‘Grubby cash grab’: Karl slams new Avengers film
THERE are many ways you can pay your respects to the Diggers this Anzac Day, but Karl Stefanovic believes munching on a choc-top and watching superheroes on the big screen is not one of them.
In a savage tirade on Today this morning, the breakfast show host took aim at Event Cinemas in particular for moving the release date of the highly-anticipated Avengers: Infinity War to the solemn national holiday.
"I have an angry face emoji," he said. "There might be some legitimate reason why the 'Avengers' is opening on Anzac Day, but I haven't seen it.
"Films traditionally in this country open on a Thursday, that is when Dickie has his movie review. Everyone knows it.
"Well, Event Cinemas bringing the release a day early smacks, to me, of a grubby cash grab. Well, grab your cash somewhere else, exploit another day.
"Not on what I believe is the most important day on our nation's calendar. How on earth are our kids supposed to breathe in the significance of Anzac Day, the sacrifices, the great sacrifices, the impact on our nation, on our families?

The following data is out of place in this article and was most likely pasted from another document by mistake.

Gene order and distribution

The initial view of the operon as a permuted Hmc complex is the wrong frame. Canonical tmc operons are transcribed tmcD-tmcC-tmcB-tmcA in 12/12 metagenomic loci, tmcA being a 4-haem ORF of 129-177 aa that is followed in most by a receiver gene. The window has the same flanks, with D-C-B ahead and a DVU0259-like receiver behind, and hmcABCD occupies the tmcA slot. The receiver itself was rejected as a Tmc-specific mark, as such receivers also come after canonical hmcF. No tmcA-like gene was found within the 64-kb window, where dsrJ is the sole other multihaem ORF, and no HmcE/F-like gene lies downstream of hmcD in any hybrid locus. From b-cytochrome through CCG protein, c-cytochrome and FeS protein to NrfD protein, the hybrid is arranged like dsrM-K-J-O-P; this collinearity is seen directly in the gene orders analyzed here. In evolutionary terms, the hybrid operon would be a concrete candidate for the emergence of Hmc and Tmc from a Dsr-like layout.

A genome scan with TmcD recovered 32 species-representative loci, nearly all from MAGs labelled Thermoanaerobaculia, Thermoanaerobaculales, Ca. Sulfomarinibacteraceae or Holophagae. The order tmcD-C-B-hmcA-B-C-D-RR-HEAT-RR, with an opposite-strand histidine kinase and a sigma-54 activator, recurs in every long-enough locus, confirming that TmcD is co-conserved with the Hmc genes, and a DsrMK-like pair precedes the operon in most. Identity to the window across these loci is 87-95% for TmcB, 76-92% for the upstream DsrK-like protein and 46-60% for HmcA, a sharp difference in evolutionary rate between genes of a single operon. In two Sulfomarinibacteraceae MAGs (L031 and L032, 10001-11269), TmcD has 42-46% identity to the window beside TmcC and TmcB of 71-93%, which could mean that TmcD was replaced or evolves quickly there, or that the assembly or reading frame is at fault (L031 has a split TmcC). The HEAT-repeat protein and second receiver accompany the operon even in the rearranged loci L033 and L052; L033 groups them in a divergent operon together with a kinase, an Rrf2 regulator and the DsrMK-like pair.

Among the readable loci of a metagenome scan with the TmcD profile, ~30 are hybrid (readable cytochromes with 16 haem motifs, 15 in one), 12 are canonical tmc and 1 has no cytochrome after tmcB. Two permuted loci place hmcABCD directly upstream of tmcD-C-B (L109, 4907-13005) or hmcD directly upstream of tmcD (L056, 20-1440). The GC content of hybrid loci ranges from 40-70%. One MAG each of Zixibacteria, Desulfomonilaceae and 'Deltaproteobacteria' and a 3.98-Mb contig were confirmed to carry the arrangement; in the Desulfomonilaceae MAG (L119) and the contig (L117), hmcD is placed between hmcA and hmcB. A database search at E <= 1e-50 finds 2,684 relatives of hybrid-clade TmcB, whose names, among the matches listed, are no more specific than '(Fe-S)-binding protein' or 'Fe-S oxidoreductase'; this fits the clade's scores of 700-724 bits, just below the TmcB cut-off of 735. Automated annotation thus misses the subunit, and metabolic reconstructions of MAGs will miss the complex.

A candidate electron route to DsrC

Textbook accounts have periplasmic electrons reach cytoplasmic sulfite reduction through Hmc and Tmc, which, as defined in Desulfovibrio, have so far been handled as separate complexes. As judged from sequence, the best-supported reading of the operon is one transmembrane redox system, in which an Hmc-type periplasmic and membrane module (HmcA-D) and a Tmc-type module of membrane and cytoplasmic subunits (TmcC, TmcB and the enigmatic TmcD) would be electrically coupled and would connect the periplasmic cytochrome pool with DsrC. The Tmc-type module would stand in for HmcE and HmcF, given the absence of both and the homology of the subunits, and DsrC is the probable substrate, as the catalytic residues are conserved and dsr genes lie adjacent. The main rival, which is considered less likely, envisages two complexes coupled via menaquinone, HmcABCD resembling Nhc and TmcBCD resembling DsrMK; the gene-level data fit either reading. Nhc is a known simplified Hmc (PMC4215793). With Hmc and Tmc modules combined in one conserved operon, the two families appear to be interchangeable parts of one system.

"Pretty hard to do with a $25 popcorn and choc-top, I would have thought. I don't think so."
He called on parents to boycott the film for that day and instead take their children to a Dawn Service.
"It is on parents, take your kids to the Dawn Service, take them to the War Memorial in Canberra, take them to your local Cenotaph, look at the names.
"The Diggers who died, Diggers not much older than them. For who? For us. I might be a wowzer, but please keep this day sacred.
"I love Thor, but let's remember and respect what Anzac Day is really for."
The Australia Defence Association is also furious about the release date.
"It's bad taste to exploit the public holiday in this way," said a spokesman for the group which represents war veterans.
It comes after a "distasteful" video game tournament at Sydney RSL had to be cancelled after an angry backlash.
Castle Hill RSL was due to hold a Call of Duty WWII tournament on May 8 but was forced to can the idea following complaints to Minister for Veterans' Affairs David Elliot who called it "distasteful" and "inappropriate".
Those due to take part in the tournament were competing for $300 prize money, just two weeks after Anzac Day.
Speaking to the ABC, Mr Elliot said he has never played the game but said the tournament was "distasteful" and "inappropriate" and he raised the issue following complaints from veterans.
"In this case, Castle Hill RSL is offering up to $300 in prize money if you kill enough people," he said.
"I do think promoting war as entertainment a week after Anzac Day, in front of veterans and war widows is probably just stepping over the line."